Andrew Berry has been waiting to see players back in the Browns headquarters in Berea since he was hired as Executive Vice President of Football Operations and General Manager in January.
The long wait finally ended last week when players, coaches and team personnel reported for the start of training camp. Players are back on the field. Coaches are back in their offices. Football is back in Cleveland.
But nearly everything about training camp is different because of the COVID-19 pandemic. All people in the building must socially distance, and chunks of the facility have been transformed to further allow everyone to keep their space. Masks are required for everyone indoors, too.
So far, however, everything has been smooth.
"We're just excited to have our guys back on campus, so to speak," Berry said Tuesday in a Zoom call with local reporters. "I wanted to acknowledge everything (coach Kevin Stefanski) has done to lead our coaches and staff. The coaching staff has been phenomenal through the virtual offseason program and into the summer and obviously into the early days of training camp."
Check out photos of the team working out Monday
The process to return to football has been arduous for every NFL team. Even though players and coaches are in the same building again, the Browns have taken extra precautions to ensure players are safe at all times. All team meetings will stay virtual until Sunday, and players are split into two groups for their conditioning, which will continue until Aug. 14 when full-team practices are allowed.
The tweaks to what was "normal" for football will continue into the future. But players and coaches understand that straying from the norm is the only way for football to be played this fall.
"I think the feedback has been largely positive," Berry said. "I think it's tough until you get in some of these NFL buildings. It's tough until you see how stringent and how strict and detailed the protocols are — not just within the facilities, but for things that would come down the line, whether it is travel, hotels, busing, you name it. We all understand that there's a shared responsibility in this thing over the next several months. We're excited to attack that challenge."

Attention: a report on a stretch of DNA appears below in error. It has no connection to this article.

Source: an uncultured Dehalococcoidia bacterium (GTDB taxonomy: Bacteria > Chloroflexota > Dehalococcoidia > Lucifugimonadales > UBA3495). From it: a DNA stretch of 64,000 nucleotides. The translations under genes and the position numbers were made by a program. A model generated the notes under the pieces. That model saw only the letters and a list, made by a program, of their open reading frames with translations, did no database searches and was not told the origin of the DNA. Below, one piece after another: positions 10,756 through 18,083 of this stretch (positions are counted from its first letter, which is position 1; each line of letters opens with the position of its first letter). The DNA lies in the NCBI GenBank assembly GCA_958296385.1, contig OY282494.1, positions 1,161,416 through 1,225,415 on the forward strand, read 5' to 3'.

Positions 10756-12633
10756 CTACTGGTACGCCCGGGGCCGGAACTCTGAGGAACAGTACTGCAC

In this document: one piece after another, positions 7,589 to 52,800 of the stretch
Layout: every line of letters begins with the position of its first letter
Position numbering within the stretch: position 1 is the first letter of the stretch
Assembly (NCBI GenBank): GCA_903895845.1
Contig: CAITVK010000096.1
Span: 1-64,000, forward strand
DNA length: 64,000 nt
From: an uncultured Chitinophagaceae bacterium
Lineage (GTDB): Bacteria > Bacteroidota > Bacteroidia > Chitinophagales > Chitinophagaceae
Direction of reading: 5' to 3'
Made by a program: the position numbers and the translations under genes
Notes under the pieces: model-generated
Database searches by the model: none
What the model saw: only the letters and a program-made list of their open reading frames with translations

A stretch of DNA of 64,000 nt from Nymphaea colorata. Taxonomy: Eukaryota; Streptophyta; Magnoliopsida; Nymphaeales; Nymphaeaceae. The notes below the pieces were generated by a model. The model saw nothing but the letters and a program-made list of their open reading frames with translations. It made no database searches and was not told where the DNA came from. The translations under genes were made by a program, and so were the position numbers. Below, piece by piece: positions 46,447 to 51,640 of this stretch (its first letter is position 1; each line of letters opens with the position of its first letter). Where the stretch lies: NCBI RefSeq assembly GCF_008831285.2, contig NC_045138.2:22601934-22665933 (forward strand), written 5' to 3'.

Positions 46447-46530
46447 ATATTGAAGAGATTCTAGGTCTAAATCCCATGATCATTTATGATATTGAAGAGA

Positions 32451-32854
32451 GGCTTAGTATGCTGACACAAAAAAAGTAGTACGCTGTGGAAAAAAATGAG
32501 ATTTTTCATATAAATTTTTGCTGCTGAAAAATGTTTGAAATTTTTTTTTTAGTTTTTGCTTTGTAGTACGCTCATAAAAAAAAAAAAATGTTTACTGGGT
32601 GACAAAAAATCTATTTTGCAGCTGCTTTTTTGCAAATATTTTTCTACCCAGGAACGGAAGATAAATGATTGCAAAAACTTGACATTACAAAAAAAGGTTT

For Berry and Browns scouts and coaches, training camp will provide the first opportunity to evaluate players on an actual field. The timeline for them to do so has been limited since the offseason began and football activities were moved to virtual settings, but Berry believes they'll have enough time to find the Browns' most competitive roster when Week 1 arrives on Sept. 13.
Berry did admit, however, that some processes are much different. It won't be as easy for the Browns to conduct tryouts for free agents — they'll have to undergo testing — and it certainly will be more difficult to evaluate players without any preseason games.
But every NFL team will deal with these circumstances, and Berry feels the Browns are well-equipped to field a roster that will win games no matter how many obstacles arise from the pandemic.
"I think we will have plenty of opportunity to evaluate our own roster," he said. "We will have plenty of practices. I know we are starting a little bit later than normal, but we will have plenty of practices to see all of our veterans, see all of our bubble guys and see all of our young guys."
As long as players are in the building, the Browns are charging forward. Berry has already seen how much trust players and coaches have to adhere to protocols and stay healthy.
He's also just happy to see players and coaches, period.
"It's been a long time coming," Berry said, "and we're looking forward to getting to work."